What does a typical day look like for you?

“My morning routine is always the same 7 days a week. I feel like that’s the foundation of my day and it’s non-negotiable. I’m not my best in the morning, and since I know that, I’m always looking at my weaknesses and trying to create an environment that replaces my weaknesses with habits. For my morning routine, it’s very thought out, I know exactly what I’m doing because the rest of the day is chaos. I try to time batch a lot, like today is a Wednesday, it’s interviews and conference calls. I know all of Wednesday, I’m gonna be talking, I’m gonna be on the phone, what it does, is it streamlines my thoughts. When I first started blogging, I would have one interview Monday, one conference call Thursday, it was like I had to switch off my work flow and get into a different mindset, so just having everything time-batched is super powerful. I’ve time-batched my content, I’ll write all my content on Mondays and Wednesdays at 10:45. Shooting my content, I’ll pick 2 days a month and shoot all of the content, all of the videos, all of the photos, in one go, but you have to remember it’s also important to post in real-time on Instagram, so I’ll try to take pictures as much as I can during the day. It’s also a lot of strategizing with the team on the phone, and delegating… whether it’s the graphics, or what to do with a YouTube post, or how we’re gonna distribute the content. Distribution is huge, so many bloggers and artists are out there creating content, but they’re not distributing it. The distribution side is big, we have a lot of meetings over that, then there’s a lot of editing, a lot of podcasting, a lot of interviewing. We’ll try to interview Tuesdays and Thursdays in the studio, and then Instagram stories. It’s so important to utilize Instagram stories to tell the story of your day, while also getting that valuable advice on each slide - and it does take energy, I know that sounds strange, but the way that I like to run it, I like my fonts the same, my colors the same, I like to make sure I’m getting as much value as I possible can. That’s probably an hour of the day, and a lot of engaging with the community, going through the secret Facebook group, talking through DMs, etc. And then the most important part, which is scaling the business. Those are conversations that are happening every single day, whether it’s meetings or strategizing and making sure that we’re not just working in the business, but on the business.”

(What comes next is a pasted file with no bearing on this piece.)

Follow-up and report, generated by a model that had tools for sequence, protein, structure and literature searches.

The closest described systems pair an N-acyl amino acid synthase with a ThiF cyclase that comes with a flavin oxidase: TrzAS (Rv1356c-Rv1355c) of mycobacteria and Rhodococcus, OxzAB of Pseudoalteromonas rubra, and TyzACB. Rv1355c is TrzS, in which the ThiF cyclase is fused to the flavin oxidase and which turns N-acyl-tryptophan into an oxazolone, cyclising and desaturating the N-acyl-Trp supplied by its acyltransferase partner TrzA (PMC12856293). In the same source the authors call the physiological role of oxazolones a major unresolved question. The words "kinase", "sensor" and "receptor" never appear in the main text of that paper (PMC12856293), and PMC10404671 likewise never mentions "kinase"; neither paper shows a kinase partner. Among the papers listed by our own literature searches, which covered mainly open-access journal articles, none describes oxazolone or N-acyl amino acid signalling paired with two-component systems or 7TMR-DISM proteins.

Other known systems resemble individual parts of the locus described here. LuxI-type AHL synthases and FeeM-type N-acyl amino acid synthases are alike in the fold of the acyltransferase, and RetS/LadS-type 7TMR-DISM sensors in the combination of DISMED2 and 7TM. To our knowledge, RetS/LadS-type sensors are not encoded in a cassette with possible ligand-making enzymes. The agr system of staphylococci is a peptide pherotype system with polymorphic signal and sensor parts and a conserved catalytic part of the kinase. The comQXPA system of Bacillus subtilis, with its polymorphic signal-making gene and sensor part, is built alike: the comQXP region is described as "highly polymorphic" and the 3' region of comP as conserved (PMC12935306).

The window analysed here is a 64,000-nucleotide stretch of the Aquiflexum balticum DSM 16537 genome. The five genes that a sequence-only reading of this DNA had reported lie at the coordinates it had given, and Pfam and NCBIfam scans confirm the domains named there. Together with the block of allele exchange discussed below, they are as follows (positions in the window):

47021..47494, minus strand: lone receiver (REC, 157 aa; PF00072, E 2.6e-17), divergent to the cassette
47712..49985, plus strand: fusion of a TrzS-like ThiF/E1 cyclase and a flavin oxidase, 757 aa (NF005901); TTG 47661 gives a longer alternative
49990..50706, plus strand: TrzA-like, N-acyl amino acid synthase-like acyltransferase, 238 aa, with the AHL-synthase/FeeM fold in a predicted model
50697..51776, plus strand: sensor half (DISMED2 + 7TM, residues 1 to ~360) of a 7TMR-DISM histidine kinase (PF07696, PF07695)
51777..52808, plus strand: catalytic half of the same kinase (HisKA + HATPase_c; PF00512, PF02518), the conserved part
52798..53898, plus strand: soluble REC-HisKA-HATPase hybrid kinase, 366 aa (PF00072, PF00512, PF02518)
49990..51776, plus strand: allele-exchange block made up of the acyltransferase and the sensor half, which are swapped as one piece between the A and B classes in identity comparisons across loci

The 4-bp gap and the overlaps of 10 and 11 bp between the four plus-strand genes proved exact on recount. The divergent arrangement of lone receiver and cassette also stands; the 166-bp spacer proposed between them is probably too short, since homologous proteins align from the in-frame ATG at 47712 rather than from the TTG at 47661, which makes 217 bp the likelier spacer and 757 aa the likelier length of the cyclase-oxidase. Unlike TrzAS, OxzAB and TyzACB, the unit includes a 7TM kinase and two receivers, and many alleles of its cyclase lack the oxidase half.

What advice do you have for young women looking to start and grow their own businesses?

“Launch fast, adjust accordingly. Put it out there, see how the audience responds, and adjust as you go. I would recommend launching a micro-blog through Instagram, not trying to think so big at first, launch an Instagram, provide quality, consistent content that’s pretty, really put your time and effort into that Instagram account, and as it grows, branch out to Instagram stories, and then grow past that eventually to a blog or a website. I don’t think you have to launch a blog first anymore, I think the formula has changed.”

What big projects do you have planned for 2019?

“Definitely more meetups in person. A live podcast tour, where we travel across the United States. Lots of Instagram stories, podcasts with interesting guests, and then potentially mid-year, products. I’ve been working on them for 2 years, that’ll be launching and that’ll be very niche down to the audience.”